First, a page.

Briefly, overcontrol was defined as intrusive unsolicited help (e.g., turning child’s Etch-A-Sketch knob or picking games without being asked) and directing the child’s behavior with commands (e.g., “Let me do that”). Interrater reliability, evaluated by intraclass correlations using Shrout and Fleiss’s (1979) Model 2 on the Etch-A-Sketch and free-play tasks, respectively, were .90 and .92.

Anxious behavior

The anxious behavior category included verbal and nonverbal behaviors such as expressions of fear, worry, or perfectionism (cautioning child repeatedly, catastrophizing, nail biting, hair-twirling). Intraclass correlations for the Etch-A-Sketch task were .61. For the free-play task, too few instances of the behavioral category occurred to compute the statistic.


The criticism category was measured by behaviors such as insults, negative comments about child’s performance and abilities, and blaming statements directed toward the child (e.g., “It’s all your fault,” “You screwed it up again”). Intraclass correlations for the Etch-A-Sketch and free-play tasks, respectively, were .90 and .83.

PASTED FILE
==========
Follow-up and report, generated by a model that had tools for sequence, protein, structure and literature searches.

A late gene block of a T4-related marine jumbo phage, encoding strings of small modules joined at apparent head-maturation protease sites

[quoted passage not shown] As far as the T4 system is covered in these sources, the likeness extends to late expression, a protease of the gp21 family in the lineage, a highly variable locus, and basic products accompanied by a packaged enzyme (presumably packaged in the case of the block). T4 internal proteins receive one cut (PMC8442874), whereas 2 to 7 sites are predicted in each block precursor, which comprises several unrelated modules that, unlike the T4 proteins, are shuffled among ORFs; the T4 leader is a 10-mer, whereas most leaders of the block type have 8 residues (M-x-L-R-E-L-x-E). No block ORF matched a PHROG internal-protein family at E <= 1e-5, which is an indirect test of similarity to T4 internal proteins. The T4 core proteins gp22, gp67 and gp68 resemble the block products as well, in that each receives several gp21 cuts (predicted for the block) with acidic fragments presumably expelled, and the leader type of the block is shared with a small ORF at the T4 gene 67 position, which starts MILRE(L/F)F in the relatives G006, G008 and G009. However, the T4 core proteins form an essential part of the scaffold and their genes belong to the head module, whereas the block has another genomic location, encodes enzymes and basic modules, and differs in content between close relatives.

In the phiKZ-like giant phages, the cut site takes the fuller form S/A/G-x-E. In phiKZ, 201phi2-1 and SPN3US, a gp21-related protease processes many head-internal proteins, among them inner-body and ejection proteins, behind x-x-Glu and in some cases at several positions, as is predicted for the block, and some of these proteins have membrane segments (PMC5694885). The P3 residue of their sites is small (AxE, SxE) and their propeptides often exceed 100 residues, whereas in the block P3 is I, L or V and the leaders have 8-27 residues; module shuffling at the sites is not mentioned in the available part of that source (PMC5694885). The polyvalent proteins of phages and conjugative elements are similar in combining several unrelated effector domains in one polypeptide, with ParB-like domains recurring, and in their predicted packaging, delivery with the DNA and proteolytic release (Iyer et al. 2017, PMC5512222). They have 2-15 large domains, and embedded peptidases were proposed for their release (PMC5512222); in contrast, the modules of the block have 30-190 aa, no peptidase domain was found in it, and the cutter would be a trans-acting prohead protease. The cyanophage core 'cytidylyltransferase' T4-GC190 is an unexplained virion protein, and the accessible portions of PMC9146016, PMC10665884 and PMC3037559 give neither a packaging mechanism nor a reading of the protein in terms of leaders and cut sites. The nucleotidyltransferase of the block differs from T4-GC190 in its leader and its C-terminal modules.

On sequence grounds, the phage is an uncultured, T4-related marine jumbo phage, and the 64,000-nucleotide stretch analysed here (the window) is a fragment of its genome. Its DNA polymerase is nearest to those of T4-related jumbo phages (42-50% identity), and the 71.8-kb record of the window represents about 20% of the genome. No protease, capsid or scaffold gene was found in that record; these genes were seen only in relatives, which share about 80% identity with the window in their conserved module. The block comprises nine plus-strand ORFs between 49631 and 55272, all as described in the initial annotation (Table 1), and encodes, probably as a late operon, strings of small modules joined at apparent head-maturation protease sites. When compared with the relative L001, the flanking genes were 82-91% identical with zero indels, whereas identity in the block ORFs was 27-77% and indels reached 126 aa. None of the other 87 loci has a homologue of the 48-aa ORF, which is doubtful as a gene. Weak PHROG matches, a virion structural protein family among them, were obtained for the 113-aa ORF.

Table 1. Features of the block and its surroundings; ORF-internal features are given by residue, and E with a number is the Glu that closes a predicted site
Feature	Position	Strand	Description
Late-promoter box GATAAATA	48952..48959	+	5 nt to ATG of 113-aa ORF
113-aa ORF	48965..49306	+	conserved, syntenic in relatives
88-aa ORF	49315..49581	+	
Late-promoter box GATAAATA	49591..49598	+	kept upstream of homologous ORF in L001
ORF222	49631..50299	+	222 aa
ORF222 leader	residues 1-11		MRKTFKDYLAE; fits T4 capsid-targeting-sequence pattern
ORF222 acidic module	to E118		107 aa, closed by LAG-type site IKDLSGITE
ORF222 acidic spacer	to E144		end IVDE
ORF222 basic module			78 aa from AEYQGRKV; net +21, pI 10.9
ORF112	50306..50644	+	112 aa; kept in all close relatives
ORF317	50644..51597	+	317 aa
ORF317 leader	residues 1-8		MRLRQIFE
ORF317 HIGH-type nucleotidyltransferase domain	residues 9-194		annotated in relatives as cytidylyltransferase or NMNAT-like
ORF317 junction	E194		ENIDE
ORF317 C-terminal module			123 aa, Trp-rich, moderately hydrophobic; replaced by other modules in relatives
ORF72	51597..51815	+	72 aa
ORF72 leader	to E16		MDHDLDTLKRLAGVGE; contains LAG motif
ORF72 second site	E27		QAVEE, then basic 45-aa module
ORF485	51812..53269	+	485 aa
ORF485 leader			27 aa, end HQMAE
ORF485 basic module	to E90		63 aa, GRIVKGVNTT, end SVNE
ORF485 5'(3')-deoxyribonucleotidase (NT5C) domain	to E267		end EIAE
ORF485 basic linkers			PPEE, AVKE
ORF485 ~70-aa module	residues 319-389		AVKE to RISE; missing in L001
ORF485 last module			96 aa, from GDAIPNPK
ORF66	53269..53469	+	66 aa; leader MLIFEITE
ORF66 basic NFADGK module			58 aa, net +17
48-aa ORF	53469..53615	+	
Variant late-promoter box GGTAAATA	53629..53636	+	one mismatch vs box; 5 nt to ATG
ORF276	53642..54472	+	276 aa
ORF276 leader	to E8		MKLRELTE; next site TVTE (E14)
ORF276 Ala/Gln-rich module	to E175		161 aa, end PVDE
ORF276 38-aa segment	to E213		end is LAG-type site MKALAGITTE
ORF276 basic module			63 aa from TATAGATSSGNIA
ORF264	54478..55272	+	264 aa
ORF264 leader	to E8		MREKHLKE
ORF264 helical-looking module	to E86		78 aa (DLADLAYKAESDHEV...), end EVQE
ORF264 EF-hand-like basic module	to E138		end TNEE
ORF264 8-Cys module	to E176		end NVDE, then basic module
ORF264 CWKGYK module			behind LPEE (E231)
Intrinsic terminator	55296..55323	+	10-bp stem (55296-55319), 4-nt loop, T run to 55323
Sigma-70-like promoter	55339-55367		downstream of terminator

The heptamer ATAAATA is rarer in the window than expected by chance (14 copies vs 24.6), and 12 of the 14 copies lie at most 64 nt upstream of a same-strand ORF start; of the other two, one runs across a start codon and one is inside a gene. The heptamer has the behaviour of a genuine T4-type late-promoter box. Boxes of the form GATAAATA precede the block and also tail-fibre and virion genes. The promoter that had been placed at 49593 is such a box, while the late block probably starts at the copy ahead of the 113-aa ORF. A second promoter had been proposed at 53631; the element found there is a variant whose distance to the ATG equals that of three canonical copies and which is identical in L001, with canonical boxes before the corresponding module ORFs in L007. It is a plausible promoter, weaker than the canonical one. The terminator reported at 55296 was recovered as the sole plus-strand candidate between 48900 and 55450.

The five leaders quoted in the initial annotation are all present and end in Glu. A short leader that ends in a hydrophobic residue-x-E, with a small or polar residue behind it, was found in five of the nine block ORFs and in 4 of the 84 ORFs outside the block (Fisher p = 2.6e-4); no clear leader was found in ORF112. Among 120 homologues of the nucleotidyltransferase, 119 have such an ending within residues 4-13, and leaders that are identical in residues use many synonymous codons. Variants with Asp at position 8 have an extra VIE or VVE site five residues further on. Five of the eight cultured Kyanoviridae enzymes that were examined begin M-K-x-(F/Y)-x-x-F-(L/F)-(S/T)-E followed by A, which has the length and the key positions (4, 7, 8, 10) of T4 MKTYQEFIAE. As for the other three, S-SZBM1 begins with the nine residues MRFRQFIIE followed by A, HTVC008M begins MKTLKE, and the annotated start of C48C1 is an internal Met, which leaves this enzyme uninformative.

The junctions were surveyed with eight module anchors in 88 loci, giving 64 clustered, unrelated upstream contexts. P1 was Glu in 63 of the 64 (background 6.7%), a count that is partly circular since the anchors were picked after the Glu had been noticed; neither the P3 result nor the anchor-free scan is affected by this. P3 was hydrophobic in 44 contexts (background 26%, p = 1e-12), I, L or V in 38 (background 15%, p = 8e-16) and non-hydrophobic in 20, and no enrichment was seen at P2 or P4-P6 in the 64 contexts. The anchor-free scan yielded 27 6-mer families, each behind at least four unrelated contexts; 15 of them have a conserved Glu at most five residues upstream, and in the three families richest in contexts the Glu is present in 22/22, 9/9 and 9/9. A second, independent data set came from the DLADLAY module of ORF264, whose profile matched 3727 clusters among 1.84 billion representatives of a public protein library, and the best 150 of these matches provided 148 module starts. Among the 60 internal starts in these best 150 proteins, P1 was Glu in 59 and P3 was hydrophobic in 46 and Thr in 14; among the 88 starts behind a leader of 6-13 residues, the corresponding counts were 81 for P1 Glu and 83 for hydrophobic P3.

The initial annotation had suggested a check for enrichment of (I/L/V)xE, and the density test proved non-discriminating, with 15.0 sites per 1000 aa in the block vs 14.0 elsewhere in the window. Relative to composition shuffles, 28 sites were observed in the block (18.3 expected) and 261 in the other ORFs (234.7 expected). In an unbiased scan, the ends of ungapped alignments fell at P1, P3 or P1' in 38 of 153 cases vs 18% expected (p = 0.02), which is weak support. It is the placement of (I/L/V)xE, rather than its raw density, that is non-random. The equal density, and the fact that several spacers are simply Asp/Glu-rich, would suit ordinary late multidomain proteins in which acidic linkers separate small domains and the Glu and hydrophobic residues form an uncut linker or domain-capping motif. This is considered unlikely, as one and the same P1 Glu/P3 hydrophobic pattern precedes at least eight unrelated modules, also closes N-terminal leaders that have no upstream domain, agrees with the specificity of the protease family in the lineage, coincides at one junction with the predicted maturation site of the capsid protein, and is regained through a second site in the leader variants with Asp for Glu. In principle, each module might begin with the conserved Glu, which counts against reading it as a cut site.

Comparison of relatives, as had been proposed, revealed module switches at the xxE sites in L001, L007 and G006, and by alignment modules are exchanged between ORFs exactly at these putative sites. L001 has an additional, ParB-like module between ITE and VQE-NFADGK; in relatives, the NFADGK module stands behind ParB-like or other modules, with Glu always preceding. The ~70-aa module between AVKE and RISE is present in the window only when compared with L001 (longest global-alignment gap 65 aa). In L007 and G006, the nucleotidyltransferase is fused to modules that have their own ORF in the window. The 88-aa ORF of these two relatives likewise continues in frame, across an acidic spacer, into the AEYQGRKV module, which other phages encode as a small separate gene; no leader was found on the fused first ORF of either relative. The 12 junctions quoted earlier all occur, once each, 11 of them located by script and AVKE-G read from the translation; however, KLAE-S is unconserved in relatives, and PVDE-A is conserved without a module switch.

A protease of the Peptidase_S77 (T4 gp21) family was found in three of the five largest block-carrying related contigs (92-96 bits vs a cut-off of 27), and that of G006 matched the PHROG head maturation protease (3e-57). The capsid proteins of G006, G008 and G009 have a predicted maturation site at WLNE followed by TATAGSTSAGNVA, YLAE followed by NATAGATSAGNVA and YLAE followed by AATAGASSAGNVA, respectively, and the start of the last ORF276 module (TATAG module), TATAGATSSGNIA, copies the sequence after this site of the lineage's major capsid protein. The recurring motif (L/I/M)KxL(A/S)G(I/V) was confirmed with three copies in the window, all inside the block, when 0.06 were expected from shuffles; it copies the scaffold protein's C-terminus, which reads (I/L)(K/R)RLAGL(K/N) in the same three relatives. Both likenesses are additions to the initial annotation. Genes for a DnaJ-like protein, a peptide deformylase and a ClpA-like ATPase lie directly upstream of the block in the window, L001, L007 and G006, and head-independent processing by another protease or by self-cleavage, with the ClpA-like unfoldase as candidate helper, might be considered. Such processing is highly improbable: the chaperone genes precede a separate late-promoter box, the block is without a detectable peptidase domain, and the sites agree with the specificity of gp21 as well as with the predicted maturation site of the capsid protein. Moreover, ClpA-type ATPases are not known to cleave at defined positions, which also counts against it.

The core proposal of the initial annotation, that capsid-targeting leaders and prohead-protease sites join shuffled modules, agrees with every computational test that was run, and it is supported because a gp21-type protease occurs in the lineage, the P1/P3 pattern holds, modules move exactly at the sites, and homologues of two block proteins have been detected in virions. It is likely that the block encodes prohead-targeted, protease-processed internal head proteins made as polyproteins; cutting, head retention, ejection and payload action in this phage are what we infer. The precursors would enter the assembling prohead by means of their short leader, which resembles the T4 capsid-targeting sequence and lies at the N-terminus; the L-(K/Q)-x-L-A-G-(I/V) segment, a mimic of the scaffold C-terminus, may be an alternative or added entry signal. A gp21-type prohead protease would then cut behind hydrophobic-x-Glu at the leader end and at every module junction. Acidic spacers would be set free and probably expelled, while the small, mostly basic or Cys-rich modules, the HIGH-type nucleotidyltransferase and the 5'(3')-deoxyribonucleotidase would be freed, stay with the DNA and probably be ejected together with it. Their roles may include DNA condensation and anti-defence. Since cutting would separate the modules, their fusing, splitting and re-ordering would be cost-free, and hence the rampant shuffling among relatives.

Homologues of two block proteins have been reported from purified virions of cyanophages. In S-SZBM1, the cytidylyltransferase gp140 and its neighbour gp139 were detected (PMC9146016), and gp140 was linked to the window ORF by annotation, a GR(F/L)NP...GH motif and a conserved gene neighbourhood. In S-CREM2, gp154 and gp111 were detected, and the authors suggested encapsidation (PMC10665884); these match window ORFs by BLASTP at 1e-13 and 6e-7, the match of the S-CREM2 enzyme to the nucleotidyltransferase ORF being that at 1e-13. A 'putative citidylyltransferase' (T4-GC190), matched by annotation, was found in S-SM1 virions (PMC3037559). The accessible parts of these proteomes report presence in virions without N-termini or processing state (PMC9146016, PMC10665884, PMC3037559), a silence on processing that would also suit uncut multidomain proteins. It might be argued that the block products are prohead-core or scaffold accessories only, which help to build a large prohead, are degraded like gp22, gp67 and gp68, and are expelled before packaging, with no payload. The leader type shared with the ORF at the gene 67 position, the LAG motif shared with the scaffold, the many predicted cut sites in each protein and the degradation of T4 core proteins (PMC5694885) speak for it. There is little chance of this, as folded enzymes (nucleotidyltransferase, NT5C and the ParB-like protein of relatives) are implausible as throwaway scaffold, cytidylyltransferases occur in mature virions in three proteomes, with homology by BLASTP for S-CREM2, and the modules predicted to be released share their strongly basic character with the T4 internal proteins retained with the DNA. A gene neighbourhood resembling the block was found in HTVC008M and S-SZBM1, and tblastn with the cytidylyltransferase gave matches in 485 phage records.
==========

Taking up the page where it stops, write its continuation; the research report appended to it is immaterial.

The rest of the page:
Comparison of Mean Ratings of Maternal Behavior Across Tasks

Table 1 presents the mean scores and standard deviations across both tasks for anxious and nonanxious mothers. A series of 2 (task type) × 2 (parental anxiety status) analyses of variances revealed a significant main effect for task type for each of the three parenting behaviors: overcontrol, F(1, 47) = 19.45; p < .001;1 anxious behavior, F(1, 47) = 42.53; p < .001; and criticism, F(1, 47) = 19.65; p < .001. No main effects were found for parent anxiety status, and none of the interaction terms were statistically significant. The interaction term for criticism approached statistical significance, F(1,47) = 3.40; p = .072. Follow-up comparisons revealed that mean ratings of criticism were higher in the Etch-A-Sketch task compared to the free-play task for anxious mothers only.

Table 1
Comparison of Mean Scores of Parental Behaviors Across Tasks

Correlations of Maternal Behaviors Across Tasks